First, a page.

Mithra Moezzi: Energy transition story shakeup
To combat climate change, many governments have made plans to overhaul how their jurisdictions use energy, transitioning from fossil-fuel centered systems to low-carbon ones. Critics say these transition plans are too focused on narrow versions of technology solutionism, and arise from cultures, cadres, and calculations that created climate change in the first place. Implementation will devalue some people, places, and ways of living and foster others. Who wants a smart home, for example?
How might we weave more inclusivity and depth into how the energy future is imagined? To explore this question, I present anthropological views of energy transition storytelling and of energy technologies—views seldom brought into the pragmatics of transition planning. I use historical examples to explore blind spots in how the energy future is being constructed and to build footholds for recasting energy system transitions as sociotechnical transitions negotiated in a tremendously diverse, fragile world. The audience is invited to contribute examples of cultural bridging and cultural blindness in change planning.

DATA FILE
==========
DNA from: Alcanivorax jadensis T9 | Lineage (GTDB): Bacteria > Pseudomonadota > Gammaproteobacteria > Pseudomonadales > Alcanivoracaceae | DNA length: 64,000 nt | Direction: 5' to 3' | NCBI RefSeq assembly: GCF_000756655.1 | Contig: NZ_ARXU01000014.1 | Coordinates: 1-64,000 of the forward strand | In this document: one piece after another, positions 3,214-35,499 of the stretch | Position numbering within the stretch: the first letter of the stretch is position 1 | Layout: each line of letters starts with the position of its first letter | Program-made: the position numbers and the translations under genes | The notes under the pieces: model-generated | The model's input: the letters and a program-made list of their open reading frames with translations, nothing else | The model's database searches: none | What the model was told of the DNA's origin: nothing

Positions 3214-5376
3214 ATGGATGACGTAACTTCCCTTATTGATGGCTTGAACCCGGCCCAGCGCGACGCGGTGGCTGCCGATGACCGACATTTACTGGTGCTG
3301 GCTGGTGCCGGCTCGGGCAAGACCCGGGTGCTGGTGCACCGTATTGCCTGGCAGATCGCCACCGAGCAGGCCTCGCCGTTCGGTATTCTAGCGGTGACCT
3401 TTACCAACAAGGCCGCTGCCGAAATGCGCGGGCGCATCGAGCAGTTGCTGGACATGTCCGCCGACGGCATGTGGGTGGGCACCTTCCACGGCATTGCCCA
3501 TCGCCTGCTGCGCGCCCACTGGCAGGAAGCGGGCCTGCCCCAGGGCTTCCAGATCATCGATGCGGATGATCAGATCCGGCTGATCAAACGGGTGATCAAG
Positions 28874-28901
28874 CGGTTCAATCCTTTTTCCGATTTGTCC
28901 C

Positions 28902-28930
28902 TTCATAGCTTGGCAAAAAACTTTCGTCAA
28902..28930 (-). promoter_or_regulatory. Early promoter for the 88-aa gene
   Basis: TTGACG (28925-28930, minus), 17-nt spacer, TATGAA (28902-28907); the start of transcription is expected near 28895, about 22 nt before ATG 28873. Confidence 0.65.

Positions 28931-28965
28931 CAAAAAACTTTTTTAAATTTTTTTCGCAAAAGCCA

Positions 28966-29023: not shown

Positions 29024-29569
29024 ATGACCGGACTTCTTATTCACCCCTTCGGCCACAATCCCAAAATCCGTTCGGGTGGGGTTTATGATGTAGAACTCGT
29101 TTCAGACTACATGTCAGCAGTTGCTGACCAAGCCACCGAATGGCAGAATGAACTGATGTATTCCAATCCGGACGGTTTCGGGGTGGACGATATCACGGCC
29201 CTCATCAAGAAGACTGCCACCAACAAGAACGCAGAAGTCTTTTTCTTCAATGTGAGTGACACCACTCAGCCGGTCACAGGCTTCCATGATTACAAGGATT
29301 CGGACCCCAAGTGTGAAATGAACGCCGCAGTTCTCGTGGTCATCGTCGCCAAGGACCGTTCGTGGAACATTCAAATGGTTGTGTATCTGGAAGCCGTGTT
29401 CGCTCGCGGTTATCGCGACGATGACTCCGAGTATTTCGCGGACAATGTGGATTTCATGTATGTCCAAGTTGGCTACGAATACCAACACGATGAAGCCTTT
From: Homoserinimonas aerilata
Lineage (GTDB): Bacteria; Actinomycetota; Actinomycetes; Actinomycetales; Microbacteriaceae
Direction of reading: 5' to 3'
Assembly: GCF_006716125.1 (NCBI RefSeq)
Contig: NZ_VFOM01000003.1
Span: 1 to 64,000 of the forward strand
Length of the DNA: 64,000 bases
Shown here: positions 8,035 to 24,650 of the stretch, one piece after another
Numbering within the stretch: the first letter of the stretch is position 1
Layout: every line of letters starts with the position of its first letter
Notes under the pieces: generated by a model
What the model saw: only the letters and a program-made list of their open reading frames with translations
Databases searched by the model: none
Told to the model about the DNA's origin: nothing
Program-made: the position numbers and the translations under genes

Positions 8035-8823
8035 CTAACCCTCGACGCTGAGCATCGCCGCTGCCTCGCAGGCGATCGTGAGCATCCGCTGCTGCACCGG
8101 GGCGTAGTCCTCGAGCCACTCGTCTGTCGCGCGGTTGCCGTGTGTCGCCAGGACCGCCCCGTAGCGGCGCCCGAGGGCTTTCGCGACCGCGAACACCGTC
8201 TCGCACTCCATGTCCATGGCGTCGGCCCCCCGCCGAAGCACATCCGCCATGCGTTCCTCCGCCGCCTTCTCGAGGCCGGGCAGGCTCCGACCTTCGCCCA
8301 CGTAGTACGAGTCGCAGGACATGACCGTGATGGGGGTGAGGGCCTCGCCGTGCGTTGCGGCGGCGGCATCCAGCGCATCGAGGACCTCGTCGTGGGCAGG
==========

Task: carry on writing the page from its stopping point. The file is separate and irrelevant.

- Moezzi, Mithra, Kathryn B. Janda, and SeaRotmann. 2017. “Using Stories, Narratives, and Storytelling in Energy and Climate Change Research.”Energy Research & Social Science 31:1–10.https://doi.org/10.1016/j.erss.2017.06.034.
- Crawford, Kate. 2018. "Danger: Weird Ways Engineers Think and Talk about Disasters in Cities." Watch:http://co-risk.org/2018/03/26/danger-weird-ways-engineers-think-and-talk-about-disasters-in-cities/